Quantifying dimensional severity of obsessive-compulsive disorder for neurobiological research
Shavitt, Roseli G.
Costa, Daniel L. C.
de Braganca Pereira, Carlos Alberto
do Rosario, Maria Conceicao [UNIFESP]
Menchon, Jose M.
Richter, Peggy M. A.
Is part ofProgress In Neuro-Psychopharmacology & Biological Psychiatry
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Current research to explore genetic susceptibility factors in obsessive-compulsive disorder (OCD) has resulted in the tentative identification of a small number of genes. However, findings have not been readily replicated. It is now broadly accepted that a major limitation to this work is the heterogeneous nature of this disorder, and that an approach incorporating OCD symptom dimensions in a quantitative manner may be more successful in identifying both common as well as dimension-specific vulnerability genetic factors. As most existing genetic datasets did not collect specific dimensional severity ratings, a specific method to reliably extract dimensional ratings from the most widely used severity rating scale, the Yale-Brown Obsessive Compulsive Scale (YBOCS), for OCD is needed. This project aims to develop and validate a novel algorithm to extrapolate specific dimensional symptom severity ratings in OCD from the existing YBOCS for use in genetics and other neurobiological research. To accomplish this goal, we used a large data set comprising adult subjects from three independent sites: the Brazilian OCD Consortium, the Sunnybrook Health Sciences Centre in Toronto, Canada and the Hospital of Bellvitge, in Barcelona, Spain. A multinomial logistic regression was proposed to model and predict the quantitative phenotype [i.e., the severity of each of the five homogeneous symptom dimensions of the Dimensional YBOCS (DYBOCS)] in subjects who have only YBOCS (categorical) data. YBOCS and DYBOCS data obtained from 1183 subjects were used to build the model, which was tested with the leave-one-out cross-validation method. The model's goodness of fit, accepting a deviation of up to three points in the predicted DYBOCS score, varied from 78% (symmetry/order) to 84% (cleaning/contamination and hoarding dimensions). These results suggest that this algorithm may be a valuable tool for extracting dimensional phenotypic data for neurobiological studies in OCD.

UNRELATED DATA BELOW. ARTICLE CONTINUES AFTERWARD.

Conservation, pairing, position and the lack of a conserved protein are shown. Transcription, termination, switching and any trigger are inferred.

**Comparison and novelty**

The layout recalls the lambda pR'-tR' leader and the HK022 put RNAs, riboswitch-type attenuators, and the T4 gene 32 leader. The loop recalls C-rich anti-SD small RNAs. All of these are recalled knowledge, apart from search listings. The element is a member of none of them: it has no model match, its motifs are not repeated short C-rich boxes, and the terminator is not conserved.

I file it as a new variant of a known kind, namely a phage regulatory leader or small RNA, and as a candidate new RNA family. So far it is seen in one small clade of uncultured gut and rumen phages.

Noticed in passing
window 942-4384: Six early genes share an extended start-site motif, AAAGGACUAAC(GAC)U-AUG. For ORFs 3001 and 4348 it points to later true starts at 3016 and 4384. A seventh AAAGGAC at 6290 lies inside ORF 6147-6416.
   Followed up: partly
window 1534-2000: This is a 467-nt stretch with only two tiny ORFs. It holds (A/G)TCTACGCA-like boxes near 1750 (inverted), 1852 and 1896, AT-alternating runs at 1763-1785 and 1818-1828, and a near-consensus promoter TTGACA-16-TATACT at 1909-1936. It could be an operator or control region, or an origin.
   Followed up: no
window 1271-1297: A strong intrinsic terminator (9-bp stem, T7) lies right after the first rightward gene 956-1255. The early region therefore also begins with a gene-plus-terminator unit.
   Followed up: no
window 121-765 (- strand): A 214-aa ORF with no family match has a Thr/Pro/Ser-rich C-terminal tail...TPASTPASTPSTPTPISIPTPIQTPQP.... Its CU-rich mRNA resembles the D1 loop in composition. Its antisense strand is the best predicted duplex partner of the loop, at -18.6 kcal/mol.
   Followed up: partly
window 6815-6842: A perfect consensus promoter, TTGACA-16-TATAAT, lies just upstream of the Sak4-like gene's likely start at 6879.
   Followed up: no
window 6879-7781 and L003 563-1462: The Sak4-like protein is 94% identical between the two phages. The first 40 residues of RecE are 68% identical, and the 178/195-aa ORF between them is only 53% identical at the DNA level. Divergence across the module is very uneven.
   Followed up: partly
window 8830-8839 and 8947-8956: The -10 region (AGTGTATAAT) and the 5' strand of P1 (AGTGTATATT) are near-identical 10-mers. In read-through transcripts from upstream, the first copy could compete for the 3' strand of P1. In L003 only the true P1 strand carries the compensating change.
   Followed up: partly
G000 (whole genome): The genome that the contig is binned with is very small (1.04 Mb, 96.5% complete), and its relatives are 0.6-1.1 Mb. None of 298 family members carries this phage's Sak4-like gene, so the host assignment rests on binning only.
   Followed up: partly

CitationProgress In Neuro-Psychopharmacology & Biological Psychiatry. Oxford, v. 79, p. 206-212, 2017.
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